2008 record      

 

With Congress dashing to overhaul a health care system representing 17% of the economy and affecting the life of every American man, woman and child, respondents to our latest IBD/TIPP Poll are far from a consensus on the path those reforms should take and clearly confused about the options before them.

The poll, taken July 6-12, indicates that 48% support the so-called "public option," a government-sponsored health insurance alternative, but that 34% oppose it and 18% aren't sure.

Large and comparable numbers of individuals of every political stripe are uncertain about the option: 18% of Democrats, 17% of Republicans and 16% of independents.

Support or opposition to the public option is rooted firmly in partisan self-identification, with 70% of Democrats supporting it, 64% of Republicans opposed and independents divided, 49% to 34%.

Americans are split almost equally on whether a public plan would eventually drive out private insurers, leading to a single-payer system, with 44% agreeing with that prospect and 42% disagreeing.

While Americans believe our health care system needs a "complete overhaul" or "major changes," as shown in June's IBD/TIPP Poll by 73% of respondents, they lack confidence in the government's ability to deliver quality health care.

Nearly half of all respondents (49%) say government-run health care would decrease the quality of care they receive, while just 12% believe it would improve. One-third of respondents said their quality of care would be unaffected.

With high personal approval numbers, President Obama has a unique opportunity to make his case for health care to the American people, and to apply popular pressure on Congress as he continues his push to complete a health care bill by the August recess.

But the lack of consensus poses a risk for the president, in that delays in moving the legislation could result in further fracturing of the coalition in support of major restructuring, making the effort more vulnerable to well-coordinated opposition efforts.

For their part, conservative Blue Dog Democrats in Congress may begin to see the president's rush to pass the legislation by August as comparable to the stimulus package that was hurried through Congress amid inflated expectations about its ability to keep unemployment levels below 8%.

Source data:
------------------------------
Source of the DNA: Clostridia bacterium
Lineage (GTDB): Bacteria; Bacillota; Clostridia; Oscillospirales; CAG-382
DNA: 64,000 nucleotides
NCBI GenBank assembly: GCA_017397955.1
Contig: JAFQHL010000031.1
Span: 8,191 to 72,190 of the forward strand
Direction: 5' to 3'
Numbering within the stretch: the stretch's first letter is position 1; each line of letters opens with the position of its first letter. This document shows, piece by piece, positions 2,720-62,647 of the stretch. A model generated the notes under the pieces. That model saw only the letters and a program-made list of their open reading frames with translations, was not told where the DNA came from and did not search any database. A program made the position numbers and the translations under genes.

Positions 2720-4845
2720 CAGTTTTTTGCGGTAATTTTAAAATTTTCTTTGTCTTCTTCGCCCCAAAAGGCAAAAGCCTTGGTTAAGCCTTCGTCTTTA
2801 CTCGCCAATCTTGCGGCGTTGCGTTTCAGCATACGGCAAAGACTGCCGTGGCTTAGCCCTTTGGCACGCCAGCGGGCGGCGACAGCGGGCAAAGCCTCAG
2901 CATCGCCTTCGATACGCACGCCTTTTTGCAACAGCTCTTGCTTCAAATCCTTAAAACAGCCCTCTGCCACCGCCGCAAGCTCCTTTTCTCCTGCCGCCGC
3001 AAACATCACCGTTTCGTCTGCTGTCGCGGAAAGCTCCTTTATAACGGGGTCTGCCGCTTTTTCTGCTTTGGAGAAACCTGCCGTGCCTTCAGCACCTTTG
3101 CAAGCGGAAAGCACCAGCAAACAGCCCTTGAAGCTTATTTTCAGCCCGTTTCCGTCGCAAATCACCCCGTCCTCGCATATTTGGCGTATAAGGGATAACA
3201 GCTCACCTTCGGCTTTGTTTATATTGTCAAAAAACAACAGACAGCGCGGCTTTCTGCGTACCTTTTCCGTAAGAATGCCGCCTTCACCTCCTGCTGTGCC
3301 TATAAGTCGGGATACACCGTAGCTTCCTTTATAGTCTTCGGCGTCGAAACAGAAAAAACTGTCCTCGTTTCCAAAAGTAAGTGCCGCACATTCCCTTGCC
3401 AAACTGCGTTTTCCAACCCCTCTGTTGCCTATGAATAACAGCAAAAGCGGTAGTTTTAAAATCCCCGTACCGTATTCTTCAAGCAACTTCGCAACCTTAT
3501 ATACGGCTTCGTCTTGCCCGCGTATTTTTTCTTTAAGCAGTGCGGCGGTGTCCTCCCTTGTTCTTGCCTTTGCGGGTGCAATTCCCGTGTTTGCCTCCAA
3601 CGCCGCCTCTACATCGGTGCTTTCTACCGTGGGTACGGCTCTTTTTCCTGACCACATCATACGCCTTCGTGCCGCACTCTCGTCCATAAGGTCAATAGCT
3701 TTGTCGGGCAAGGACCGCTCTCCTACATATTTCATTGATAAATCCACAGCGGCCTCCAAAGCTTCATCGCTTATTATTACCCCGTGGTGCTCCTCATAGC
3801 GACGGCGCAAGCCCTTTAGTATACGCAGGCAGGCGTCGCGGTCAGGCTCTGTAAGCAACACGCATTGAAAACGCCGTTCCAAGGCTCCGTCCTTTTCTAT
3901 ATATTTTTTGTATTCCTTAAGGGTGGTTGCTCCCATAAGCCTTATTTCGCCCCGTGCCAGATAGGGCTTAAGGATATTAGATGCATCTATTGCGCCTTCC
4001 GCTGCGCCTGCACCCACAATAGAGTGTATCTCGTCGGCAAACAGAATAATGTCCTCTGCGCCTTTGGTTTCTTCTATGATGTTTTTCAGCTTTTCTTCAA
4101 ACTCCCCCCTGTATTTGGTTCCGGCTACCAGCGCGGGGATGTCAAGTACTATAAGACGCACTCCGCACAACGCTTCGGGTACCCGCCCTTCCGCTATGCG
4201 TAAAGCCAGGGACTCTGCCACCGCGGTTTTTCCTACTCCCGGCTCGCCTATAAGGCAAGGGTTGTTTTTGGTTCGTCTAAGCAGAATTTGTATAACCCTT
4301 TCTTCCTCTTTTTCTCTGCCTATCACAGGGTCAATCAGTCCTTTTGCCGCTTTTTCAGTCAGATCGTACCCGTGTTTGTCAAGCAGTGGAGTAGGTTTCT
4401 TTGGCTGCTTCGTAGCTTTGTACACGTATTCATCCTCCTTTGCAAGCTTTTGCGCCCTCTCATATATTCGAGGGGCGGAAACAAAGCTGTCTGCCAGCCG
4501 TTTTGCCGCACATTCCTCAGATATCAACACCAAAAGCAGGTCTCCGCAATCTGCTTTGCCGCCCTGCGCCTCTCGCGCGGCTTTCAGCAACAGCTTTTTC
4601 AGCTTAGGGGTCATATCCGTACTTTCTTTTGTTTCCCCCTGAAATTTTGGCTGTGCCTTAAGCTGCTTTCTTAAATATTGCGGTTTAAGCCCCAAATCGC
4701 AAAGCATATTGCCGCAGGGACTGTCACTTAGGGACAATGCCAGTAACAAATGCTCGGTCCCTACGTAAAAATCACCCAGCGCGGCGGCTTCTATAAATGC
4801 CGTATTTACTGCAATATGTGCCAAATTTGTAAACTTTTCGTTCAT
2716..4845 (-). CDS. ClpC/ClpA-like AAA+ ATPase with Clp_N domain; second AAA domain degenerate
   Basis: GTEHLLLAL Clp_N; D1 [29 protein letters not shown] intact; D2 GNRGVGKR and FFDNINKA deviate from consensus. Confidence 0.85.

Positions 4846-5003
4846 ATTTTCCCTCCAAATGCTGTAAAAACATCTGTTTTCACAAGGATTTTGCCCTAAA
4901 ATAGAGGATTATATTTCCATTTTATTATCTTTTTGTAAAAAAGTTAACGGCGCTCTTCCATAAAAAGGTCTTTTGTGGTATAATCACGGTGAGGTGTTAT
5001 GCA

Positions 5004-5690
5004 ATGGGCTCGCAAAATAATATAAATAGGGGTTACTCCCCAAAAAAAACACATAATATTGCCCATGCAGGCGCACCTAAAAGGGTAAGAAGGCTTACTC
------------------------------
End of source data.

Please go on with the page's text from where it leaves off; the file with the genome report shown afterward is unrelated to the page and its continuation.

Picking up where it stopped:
Our poll shows signs of a growing "buyer's remorse" about the stimulus measure, with increasing numbers of Americans saying it has been ineffective and has needlessly driven up the deficit.

In fact, concerns about the deficit and persisting unemployment in the wake of the stimulus are among the reasons for the decline in the IBD/TIPP Presidential Leadership Index from 64.3 in June to 58.1 in July.

The Blue Dogs are clearly nervous about the impact the health care package will have on their re-election prospects, and believe they have a tail wind. "Last time I checked, it takes seven Democrats to stop a bill in the Energy and Commerce Committee," Rep. Mike Ross, D-Ark., said last Wednesday. "We had seven against it last Friday; we have 10 today."

Moderate Republicans seem equally troubled. After a meeting with Obama on Thursday afternoon, Sen. Olympia Snowe, R-Maine, a member of the Senate Finance Committee and one of the few Senate Republicans who may support the measure, told reporters that "we shouldn't be restrained by an artificially compressed timeline" of passage by the Aug. 7 recess.

Then there's the question of how to pay for it all. Under questioning by the Senate Budget Committee on Thursday, the chief of the non-partisan Congressional Budget Office, Douglas Elmendorf, said that far from helping avert a coming fiscal crisis, the health care bills that congressional Democrats have proposed would likely make the nation's already-gloomy budget prospects even worse.

During the presidential campaign, Obama denounced the notion of taxing health benefits, calling it "the largest middle-class tax increase in history," but White House officials are reluctant to take any options off the table as negotiations continue.

As adviser David Axelrod recently said, "there are a number of formulations, and we'll wait and see. The important thing at this point is to keep the process moving, to keep people at the table, to keep the discussions going. We've gotten a long way down the road and we want to finish that journey."

The IBD/TIPP Poll shows more than 2-to-1 across-the-board opposition to a tax on health insurance benefits. Fully 55% oppose such a tax, compared with 22% who support it, and opposition crosses party lines, with Democrats opposing it by a margin of 41% to 32%, Republicans lopsidedly against by 70% to 14%, and independents likewise opposed by a margin of 62% to 18%.

Mayur is president of TechnoMetrica Market Intelligence, which directs the IBD/TIPP Poll that was the most accurate in the last two presidential elections.

 

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